The wedding was 3 months after the marriage proposal. Actually, it wasn't a big wedding, just a quiet ceremony in my parents' apartment. The rabbi came, married us, and that was it. No reception, because there was no money. There were just a few people: my Aunt Ela, the one who'd really brought me up, came down from Warsaw, and the 2 cousins of mine that were in Cracow. After my wedding my parents didn't need 3 rooms. They moved to Rekawka Street, because Father had heart trouble, and that was nearer Podgorski Park - the air seemed to be better there and he found it easier to breathe. 

One day, in August 1939, my sister-in-law Giza's husband Jozek, who was a reserve officer in the Polish Army, said that Giza and her daughter and their parents were to leave Kalwaria at once and go to Cracow, because Kalwaria was a small town and who knew what might happen there. And unexpectedly I went with them from Kalwaria to Cracow - I really was going only for a day to visit my parents, but they, on my brother-in-law's instruction, were to take the train from Cracow to Jaroslaw, to Jozek's parents', because even if war did break out, the Germans wouldn't get that far. So we went to my parents' house on Rekawka Street.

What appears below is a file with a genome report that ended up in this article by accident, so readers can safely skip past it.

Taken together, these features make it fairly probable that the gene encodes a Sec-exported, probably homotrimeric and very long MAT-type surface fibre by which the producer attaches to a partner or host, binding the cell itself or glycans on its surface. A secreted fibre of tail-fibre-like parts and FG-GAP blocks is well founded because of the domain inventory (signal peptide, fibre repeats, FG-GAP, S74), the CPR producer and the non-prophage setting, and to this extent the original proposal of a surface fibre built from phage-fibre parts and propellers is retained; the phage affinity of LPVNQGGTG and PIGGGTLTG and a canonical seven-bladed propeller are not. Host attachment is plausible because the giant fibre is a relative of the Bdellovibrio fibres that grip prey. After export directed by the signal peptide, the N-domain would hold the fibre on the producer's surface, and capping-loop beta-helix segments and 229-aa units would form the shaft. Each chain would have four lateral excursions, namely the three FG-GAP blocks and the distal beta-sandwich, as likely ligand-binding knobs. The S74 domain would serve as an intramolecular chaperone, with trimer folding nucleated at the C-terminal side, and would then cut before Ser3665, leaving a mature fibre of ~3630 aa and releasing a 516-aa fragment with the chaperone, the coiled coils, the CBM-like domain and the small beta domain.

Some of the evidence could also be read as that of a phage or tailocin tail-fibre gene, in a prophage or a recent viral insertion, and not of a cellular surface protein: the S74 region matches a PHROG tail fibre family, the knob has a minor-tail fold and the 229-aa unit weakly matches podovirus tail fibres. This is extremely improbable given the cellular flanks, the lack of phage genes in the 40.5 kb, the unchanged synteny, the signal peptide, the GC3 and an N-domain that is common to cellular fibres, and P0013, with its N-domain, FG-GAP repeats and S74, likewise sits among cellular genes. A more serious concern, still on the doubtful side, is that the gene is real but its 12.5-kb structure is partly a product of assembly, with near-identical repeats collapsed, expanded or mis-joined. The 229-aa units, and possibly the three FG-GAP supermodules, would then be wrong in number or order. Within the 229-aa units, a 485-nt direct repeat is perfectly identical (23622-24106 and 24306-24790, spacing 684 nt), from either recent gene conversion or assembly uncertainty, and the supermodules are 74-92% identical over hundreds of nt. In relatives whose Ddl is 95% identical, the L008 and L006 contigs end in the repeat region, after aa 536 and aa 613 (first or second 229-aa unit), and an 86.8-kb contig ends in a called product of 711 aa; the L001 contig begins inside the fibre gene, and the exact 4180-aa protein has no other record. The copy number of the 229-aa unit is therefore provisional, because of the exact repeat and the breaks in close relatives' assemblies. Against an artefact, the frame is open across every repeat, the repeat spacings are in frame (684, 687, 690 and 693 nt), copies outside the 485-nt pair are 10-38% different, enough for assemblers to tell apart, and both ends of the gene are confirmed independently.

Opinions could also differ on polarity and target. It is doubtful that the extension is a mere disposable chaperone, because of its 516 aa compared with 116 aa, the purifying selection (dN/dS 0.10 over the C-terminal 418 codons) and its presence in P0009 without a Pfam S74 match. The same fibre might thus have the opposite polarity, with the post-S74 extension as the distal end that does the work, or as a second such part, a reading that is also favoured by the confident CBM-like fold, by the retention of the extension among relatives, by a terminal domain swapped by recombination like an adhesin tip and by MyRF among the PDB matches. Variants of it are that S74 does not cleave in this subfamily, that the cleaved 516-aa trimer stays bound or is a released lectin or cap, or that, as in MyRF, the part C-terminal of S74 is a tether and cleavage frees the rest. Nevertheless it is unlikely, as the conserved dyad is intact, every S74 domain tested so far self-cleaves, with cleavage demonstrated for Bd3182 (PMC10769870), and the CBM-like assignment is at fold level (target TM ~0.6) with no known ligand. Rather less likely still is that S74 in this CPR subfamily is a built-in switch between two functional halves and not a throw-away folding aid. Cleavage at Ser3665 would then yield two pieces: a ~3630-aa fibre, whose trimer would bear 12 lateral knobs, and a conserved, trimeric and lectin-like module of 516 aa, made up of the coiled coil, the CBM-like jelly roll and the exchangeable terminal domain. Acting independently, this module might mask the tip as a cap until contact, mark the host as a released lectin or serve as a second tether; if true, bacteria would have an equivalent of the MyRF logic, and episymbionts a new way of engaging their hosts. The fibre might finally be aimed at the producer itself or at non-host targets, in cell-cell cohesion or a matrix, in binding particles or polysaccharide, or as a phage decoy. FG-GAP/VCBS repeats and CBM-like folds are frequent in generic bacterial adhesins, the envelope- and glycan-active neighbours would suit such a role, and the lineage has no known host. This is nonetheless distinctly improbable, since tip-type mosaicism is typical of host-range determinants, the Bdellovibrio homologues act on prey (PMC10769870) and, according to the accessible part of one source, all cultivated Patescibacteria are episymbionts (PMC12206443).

Well, when my parents heard that, they insisted that I go with Giza. Father literally wouldn't let me get out of the car. He wouldn't even let me change - he packed me off in what I was wearing. That was the Monday, and war broke out on the Friday. I didn't want to leave Cracow. With the child, the nurse, and my little case, which I have to this day, and in that one dress, Father put me in the carriage and sent me off to Jaroslaw with Giza. My parents stayed. My father was as patriotic as anything! He said he wouldn't leave Cracow, wouldn't shift. 

Interview details

Interviewee: Emilia Leibel
Interviewer:
Jolanta Jaworska
Month of interview:
October
Year of interview:
2005
Cracow, Poland

KEY PERSON

Bencyjon Grossbart
City of birth:
Cracow
Country name at time of birth:
Austria
Year of death:
1943
City of death:
Belzec
Country of death:
Poland
Died where:
Belzec
Occupation
before WW II:
leather merchant